2 “Liability attaches even when such non-manufacturing sellers or distributors do not themselves render the products defective and regardless whether they are in a position to prevent defects from occurring.” Restatement Third, Torts: Products Liability & 1 Liability of Commercial Seller or Distributor for Harm Caused by Defective Products. Comment e – Non-manufacturing sellers or distributors of products.

3 Convention on the Recognition and Enforcement of Foreign Arbitral Awards Art. 3, June 10, 1958, 21 U.S.T. 2517, 330 U.N.T.S. 3.

4 See Xiaowen Qui, Enforcing Arbitral Awards Involving Foreign Parties: A Comparison of the United States and China, 11 Am. Rev. Int’l Arb. 607, 626 (2000). It is important that all applications be submitted within the limitation period prescribed by the 1991 Civil Procedure Law.

5 Article 267 of the Civil Procedure Law provides that Chinese courts shall enforce foreign arbitral awards in accordance with any international treaty to which China is a party or on the basic of reciprocity. The People’s Supreme Court has published provisions that address specific procedures to be followed when seeking the enforcement of foreign arbitral awards.

6 Convention on the Recognition and Enforcement of Foreign Arbitral Awards Art. V(1)(b), June 10, 1958, 21 U.S.T. 2517, 330 U.N.T.S. 3. Despite its broad language, this refusal provision has been interpreted similarly to a denial of procedural due process and has been construed narrowly by the courts. See Parsons & Whittemore Overseas Co. v. Societe Generale de L’Industrie du Papier, 508 F.2d 969 (2d Cir. 1974); Biotronik Mess-und Therapiegeratete GmbH & Co. v. Medford Medical Instrument Co., 415 F.Supp, 133, 140 (D.N.J. 1976); Laminoirs-Trefileries-Cableries de Lens, S.A. v. Southwire Co., 484 F.Supp. 1063 (N.D.Ga. 1980).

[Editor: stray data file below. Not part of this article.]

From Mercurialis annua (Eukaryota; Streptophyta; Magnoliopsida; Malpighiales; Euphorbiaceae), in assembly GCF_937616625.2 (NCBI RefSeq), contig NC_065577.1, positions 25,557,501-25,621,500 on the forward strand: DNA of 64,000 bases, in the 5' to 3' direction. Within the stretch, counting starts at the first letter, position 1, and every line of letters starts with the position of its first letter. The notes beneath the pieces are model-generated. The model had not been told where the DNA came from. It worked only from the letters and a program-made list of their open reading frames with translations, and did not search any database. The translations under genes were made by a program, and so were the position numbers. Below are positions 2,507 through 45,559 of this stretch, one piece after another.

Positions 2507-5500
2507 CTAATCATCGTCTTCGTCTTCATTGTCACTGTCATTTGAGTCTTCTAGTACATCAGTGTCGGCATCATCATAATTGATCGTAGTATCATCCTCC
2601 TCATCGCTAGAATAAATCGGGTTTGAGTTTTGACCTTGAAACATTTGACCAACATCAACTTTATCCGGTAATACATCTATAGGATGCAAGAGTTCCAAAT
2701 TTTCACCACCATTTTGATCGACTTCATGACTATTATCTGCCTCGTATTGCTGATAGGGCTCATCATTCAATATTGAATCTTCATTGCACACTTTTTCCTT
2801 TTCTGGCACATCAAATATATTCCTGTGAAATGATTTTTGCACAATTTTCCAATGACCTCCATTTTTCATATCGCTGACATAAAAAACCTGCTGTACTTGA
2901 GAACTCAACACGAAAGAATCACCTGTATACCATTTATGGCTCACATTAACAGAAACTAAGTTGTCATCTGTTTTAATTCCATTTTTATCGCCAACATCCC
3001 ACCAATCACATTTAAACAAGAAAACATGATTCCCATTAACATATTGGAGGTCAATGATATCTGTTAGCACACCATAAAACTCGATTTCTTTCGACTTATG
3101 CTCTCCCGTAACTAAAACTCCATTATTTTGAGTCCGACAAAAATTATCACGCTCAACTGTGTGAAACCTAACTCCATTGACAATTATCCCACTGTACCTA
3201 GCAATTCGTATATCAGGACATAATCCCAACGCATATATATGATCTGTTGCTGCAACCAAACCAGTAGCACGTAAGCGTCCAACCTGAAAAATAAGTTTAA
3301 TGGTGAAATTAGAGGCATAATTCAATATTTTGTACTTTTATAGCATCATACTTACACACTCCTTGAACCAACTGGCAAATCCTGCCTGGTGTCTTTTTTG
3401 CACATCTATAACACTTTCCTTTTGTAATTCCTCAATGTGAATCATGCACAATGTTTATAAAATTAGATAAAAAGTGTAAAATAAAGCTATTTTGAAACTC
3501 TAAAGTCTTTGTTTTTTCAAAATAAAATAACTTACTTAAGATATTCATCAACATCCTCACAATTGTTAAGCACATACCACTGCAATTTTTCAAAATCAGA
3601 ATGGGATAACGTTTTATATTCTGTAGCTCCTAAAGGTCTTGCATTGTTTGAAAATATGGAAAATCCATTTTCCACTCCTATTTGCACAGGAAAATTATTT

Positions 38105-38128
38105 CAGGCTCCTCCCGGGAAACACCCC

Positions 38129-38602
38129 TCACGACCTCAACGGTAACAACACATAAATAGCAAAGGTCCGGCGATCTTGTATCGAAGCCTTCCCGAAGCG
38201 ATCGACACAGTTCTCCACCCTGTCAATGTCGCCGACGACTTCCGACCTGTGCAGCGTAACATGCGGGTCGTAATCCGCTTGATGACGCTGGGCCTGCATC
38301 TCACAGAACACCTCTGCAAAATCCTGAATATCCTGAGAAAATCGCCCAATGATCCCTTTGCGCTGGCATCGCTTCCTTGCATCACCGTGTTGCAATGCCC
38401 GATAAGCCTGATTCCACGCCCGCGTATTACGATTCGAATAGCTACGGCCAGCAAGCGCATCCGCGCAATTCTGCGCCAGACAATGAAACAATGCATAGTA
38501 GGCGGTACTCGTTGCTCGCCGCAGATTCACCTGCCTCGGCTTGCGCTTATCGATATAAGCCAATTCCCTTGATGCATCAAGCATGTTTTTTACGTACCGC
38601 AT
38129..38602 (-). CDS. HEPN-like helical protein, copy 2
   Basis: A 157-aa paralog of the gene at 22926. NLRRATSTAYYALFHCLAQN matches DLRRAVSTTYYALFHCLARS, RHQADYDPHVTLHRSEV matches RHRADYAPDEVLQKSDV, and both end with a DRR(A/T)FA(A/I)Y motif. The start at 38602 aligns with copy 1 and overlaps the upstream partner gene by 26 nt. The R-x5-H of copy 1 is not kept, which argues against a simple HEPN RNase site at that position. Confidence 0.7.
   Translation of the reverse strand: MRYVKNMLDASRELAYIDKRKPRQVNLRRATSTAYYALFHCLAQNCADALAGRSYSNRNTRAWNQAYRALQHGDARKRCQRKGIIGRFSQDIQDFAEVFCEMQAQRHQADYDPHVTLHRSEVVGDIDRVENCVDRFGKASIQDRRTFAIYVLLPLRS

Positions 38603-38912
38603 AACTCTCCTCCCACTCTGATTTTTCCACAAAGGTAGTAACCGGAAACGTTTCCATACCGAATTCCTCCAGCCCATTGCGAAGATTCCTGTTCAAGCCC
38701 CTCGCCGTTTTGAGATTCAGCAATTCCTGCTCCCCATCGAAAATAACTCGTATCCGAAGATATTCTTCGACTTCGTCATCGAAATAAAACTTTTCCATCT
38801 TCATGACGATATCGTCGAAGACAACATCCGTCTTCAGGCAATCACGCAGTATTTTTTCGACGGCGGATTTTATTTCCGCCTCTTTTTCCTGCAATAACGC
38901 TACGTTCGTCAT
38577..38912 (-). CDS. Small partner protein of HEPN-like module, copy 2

7 Guanghope v. Mirant, Civil Ruling of the Supreme People’s Court, (2002) Min Si Zhong Zi No. 29 [not published]. For facts and comments, see Paul Donovan Reynolds & Song Yue, The PRC Supreme People’s Court on the Validity of an Arbitration Clause, 142 J. of the Chartered Institute of Arbitrators 70 (2004). The case is also referenced in: Joseph T. McLaughlin, Kathleen M. Scanlon, & Catherine X. Pan, Planning for Commercial Dispute Resolution in Mainland China, 16 Am. Rev. Int’l Arb. 133, 144 (2005). 

8 Convention on the Recognition and Enforcement of Foreign Arbitral Awards Art. V(2)(b), June 10, 1958, 21 U.S.T. 2517, 330 U.N.T.S. 3.

9 “Arrangement Concerning Mutual Enforcement of Arbitral Awards between the Mainland and the Hong Kong Special Administrative Region,” effective on February 1, 2000. Note that Hong Kong maintains a legal system separate from that of the People’s Republic of China until 2047.
10 See Melanie Ries & Bryant Woo, International Arbitration in Japan & China, 61-JAN Disp. Resol. J. 63 (2007).

11 See generally, Wang Sheng Chang, Resolving Disputes Through Conciliation and Arbitration in the Mainland China, 2 Ann.2000 ATLA CLE 1643 (2000).

12 See Rules of Arbitration of the International Chamber of Commerce, Appendix III, Art. IV (January 1998). These rules can be found online at http://www.jus.uio.no/lm/icc.arbitration.rules.1998/app3_04.html.

13 See Jerome A. Cohen, “Time to Fix China’s Arbitration,” Far Eastern Economic Review Jan/Feb 2005.

14 See Joseph T. McLaughlin, Kathleen M. Scanlon, & Catherine X. Pan, Planning for Commercial Dispute Resolution in Mainland China, 16 Am. Rev. Int’l Arb. 133, 141 (2005).

15 See Rebecca Fett, Forum Selection for Resolution of Foreign Investment Disputes in China, 62-APR Disp. Resol. J. 73, 78 (2007).